Tôkaidô Yotsuya kaidan (Tôkaidô ghost story at Yotsuya: 東海道四谷怪談) is masterful kaidan mono (ghost play: 怪談物) written in 1825 by Tsuruya Nanboku IV (鶴屋南北 1755-1829). The main theme in this most popular of all kabuki ghost plays involves Tamiya Iemon (民谷伊右衛門), Oiwa's husband and a down-on-his-luck rônin reduced to making oil-paper umbrellas. Iemon despairs over his ill fortune, made worse by Oiwa (お岩), who is struggling in her postpartum convalescence and nursing a newborn child. He finds temptation in a neighbor's young daughter named Itô Oume (伊藤お梅), and is persuaded by her grandfather Itô Kihei (伊藤喜兵衛) to give Oiwa a "medicinal potion" — actually a poison — meant to disfigure her so that Iemon will divorce her. Oiwa drinks the potion and her face takes on a monstrous countenance. In Act II, having seen her disfigured face in a mirror, she tries to push past a former brothel owner and now Iemon's servant Takuetsu (宅悦), but accidentally cuts her throat with a sword, dying as she curses Iemon. When Kobotoke Kohei (小佛小平), Iemon's former servant, steals the traditional medicine of the Tamiya family, Iemon catches Kohei and murders him. Then he has his men nail the bodies of Oiwa and Kohei to the opposite sides of a door and throw them into a river, attempting to link Oiwa and Kohei as lovers. At the close of Act 2, on the night of his wedding, Iemon kills Oume and Itô Kihei when he is driven to distraction by devious tricks played by the ghosts of Oiwa and Kohei. Oiwa's ghost continues to haunt Iemon relentlessly. In Act V, she tracks him down in a hermitage at Hebiyama (Snake Mountain: 蛇山) where he is taking refuge. He is finally slain by a rônin (a "wave man" or " floating man," i.e., masterless samurai: 浪人) named Satô Yomoshichi (佐藤与茂七) along with the sister of a servant he has murdered. Yomoshichi was once a vassal of Lord Enya Hangan (塩谷判官), a samurai who was forced to commit seppuku in the great katakiuchi-mono (revenge-killing play: 敵討物 or adauchi-mono: 仇打ち物) titled Kanadehon chûshingura (Copybook of the treasury of loyal retainers: 假名手本忠臣蔵), from which Tôkaidô Yotsuya kaidan was adapted. Yomoshichi, who in Chûshingura is betrothed to Oiwa's sister, the prostitute Osode (おそで), a part-time pleasure woman, joined the rônin vendetta against Kô no Moronao, the nemesis of their deceased master Hangan.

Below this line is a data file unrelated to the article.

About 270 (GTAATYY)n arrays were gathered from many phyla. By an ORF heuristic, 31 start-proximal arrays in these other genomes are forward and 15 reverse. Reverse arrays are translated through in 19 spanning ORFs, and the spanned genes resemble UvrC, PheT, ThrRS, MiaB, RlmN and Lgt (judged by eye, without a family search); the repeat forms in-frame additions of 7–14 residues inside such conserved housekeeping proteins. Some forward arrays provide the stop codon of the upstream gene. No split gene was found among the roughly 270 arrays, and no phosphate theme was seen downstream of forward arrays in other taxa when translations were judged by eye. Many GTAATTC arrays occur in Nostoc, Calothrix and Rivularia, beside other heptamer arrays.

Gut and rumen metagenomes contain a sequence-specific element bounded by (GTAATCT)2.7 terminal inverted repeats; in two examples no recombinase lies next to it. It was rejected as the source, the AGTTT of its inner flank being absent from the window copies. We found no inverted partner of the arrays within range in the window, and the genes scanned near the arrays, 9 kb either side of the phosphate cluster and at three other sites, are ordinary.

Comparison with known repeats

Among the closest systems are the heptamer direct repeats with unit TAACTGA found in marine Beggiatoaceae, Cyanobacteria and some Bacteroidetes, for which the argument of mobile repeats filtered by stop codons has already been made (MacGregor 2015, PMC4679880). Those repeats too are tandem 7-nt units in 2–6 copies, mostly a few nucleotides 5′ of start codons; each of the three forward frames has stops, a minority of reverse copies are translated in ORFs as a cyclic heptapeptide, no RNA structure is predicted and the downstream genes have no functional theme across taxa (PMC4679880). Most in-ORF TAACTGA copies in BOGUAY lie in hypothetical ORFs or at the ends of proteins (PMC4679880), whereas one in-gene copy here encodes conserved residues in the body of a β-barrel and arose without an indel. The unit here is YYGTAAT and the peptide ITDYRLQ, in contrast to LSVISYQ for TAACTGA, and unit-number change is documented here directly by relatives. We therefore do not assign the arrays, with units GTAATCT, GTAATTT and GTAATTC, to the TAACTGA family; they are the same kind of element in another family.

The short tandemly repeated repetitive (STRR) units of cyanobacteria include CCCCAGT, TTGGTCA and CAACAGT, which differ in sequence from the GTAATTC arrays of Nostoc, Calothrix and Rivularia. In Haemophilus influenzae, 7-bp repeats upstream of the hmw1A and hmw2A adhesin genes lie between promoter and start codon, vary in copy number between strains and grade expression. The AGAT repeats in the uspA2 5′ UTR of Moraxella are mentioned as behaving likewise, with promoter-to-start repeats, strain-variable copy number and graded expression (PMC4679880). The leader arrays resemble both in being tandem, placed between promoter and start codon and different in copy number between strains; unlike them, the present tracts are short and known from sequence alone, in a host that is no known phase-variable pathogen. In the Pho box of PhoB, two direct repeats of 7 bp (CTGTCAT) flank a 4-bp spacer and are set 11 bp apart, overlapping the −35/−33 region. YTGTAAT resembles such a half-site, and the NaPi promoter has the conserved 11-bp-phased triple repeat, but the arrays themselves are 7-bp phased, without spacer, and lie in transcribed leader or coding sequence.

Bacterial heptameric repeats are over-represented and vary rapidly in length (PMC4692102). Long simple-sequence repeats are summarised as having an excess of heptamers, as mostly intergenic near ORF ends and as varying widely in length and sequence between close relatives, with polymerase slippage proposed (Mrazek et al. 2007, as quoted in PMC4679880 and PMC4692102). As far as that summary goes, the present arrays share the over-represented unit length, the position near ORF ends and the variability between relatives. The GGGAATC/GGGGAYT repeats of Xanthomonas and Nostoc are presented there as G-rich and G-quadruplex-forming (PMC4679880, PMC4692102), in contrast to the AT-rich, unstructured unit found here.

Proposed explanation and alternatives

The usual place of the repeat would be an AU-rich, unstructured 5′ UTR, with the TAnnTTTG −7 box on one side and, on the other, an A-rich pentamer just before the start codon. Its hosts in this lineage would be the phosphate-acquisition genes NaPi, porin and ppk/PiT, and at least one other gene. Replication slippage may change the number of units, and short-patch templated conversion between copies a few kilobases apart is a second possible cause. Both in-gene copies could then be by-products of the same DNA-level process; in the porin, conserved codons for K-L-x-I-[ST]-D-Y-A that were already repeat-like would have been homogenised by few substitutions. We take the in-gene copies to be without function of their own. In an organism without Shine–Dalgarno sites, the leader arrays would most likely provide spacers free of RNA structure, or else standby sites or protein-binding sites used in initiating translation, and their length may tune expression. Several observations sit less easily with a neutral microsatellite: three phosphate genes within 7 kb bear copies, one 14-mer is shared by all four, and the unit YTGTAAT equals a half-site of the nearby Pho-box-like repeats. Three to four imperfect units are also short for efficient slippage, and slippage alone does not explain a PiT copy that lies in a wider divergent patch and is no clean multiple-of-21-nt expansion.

Enjaku has depicted one of kabuki's most emotional scenes. The spirit of Oiwa (note the kitsunebi 狐火 or spirit fire at the top right), dressed in funereal robes of gray and blue, holds her newborn child while poised against a black background. Her face, disfigured by the potion given to her by Iemon, is sadly on view here.
In this instance, the blue color on the forehead, mouth, and hand signify a ghost. This is an early impression, with strong woodgrain in the lower gray area.
Enjaku's (猿雀 active 1856-66) prints survive in very small numbers (some are known in only a single impression) and are difficult to obtain. Although nothing is known about his biography, he is arguably the most important transitional artist entering the last phase of printmaking in Osaka. He specialized in deluxe editions of ôkubi-e (large-head pictures: 大首絵) in chûban format.
For more about this artist, see Enjaku Biography.
Very few impressions of this ghost design are known. See John Fiorillo and Hendrick Lühl, "Enjaku," Andon special monograph, 2006, no. 5.02, p. 108.